U.S. to End Mpox Public Health Emergency in January
Mpox cases are down significantly in the United States, prompting the federal government to plan not to renew an emergency designation for the virus when it expires late next month.
“Given the low number of cases today, HHS does not expect that it needs to renew the emergency declaration when it ends on January 31, 2023,” Health and Human Services Secretary Xavier Becerra said in an agency news release. “But we won't take our foot off the gas — we will continue to monitor the case trends closely and encourage all at-risk individuals to get a free vaccine.”
More than 29,000 Americans contracted the virus and 17 died during an outbreak that started earlier this year, the Associated Press reported.
The government first declared a public health emergency in August, assigning two top officials to manage the virus outbreak, which was primarily occurring in men who have sex with infected men. Those officials are Robert Fenton, who also led the Federal Emergency Management Agency's COVID-19 vaccination effort, and the U.S. Centers for Disease Control and Prevention's Dr. Demetre Daskalakis.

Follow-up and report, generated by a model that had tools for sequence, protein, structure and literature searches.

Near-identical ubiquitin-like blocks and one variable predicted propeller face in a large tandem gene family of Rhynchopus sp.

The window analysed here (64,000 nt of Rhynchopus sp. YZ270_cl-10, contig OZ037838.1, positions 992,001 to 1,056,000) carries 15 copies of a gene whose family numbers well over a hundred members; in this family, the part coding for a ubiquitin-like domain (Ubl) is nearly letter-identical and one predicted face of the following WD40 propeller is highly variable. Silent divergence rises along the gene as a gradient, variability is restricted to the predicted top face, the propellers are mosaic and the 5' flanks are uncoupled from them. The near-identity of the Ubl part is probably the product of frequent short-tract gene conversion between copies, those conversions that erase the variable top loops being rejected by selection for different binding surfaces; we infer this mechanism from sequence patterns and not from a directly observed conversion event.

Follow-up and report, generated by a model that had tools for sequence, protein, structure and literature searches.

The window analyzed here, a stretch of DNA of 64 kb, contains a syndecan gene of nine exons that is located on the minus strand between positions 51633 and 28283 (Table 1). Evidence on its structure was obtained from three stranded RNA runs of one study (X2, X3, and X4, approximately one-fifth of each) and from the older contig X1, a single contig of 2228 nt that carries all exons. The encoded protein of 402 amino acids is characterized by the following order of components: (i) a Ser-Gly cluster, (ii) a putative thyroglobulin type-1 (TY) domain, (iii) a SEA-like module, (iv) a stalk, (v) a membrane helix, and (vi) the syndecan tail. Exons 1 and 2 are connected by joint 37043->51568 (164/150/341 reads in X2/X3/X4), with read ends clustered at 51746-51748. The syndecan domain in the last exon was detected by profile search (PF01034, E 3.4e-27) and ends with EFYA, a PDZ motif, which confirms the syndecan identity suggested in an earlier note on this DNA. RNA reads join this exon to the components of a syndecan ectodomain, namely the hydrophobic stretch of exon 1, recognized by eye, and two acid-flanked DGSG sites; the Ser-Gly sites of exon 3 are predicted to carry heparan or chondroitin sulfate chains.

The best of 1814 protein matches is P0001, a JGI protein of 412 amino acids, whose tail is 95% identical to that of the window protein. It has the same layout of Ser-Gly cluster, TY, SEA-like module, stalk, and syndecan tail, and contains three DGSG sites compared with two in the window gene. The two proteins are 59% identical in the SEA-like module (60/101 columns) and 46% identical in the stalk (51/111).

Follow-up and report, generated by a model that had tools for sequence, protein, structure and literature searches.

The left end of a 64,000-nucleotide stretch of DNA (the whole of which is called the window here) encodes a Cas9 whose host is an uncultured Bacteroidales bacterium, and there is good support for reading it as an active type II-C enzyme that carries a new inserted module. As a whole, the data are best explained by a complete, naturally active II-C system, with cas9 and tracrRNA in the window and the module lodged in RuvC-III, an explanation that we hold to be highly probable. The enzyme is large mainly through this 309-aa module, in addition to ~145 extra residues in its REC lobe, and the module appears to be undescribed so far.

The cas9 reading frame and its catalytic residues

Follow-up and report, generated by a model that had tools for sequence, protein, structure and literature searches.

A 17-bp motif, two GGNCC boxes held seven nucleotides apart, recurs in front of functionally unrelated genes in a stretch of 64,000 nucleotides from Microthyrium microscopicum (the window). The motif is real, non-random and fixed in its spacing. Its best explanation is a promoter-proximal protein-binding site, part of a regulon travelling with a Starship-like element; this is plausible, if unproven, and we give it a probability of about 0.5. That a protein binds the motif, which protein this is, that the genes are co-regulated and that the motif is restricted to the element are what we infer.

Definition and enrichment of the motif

After delays in testing and vaccine rollout, the two-dose Jynneos vaccine became more available across the country and cases dropped.
Mpox was previously called monkeypox but was renamed in November by the World Health Organization amid concerns that the name might be discriminatory and racist, the AP reported.
The White House has not yet announced plans for the country's other public health emergency, COVID-19. That designation is expected to last through at least Jan. 11. The Biden administration has said it would give 60 days notice before the emergency declaration is rescinded, the AP reported.
The World Health Organization has more on the mpox outbreak.
SOURCE: Associated Press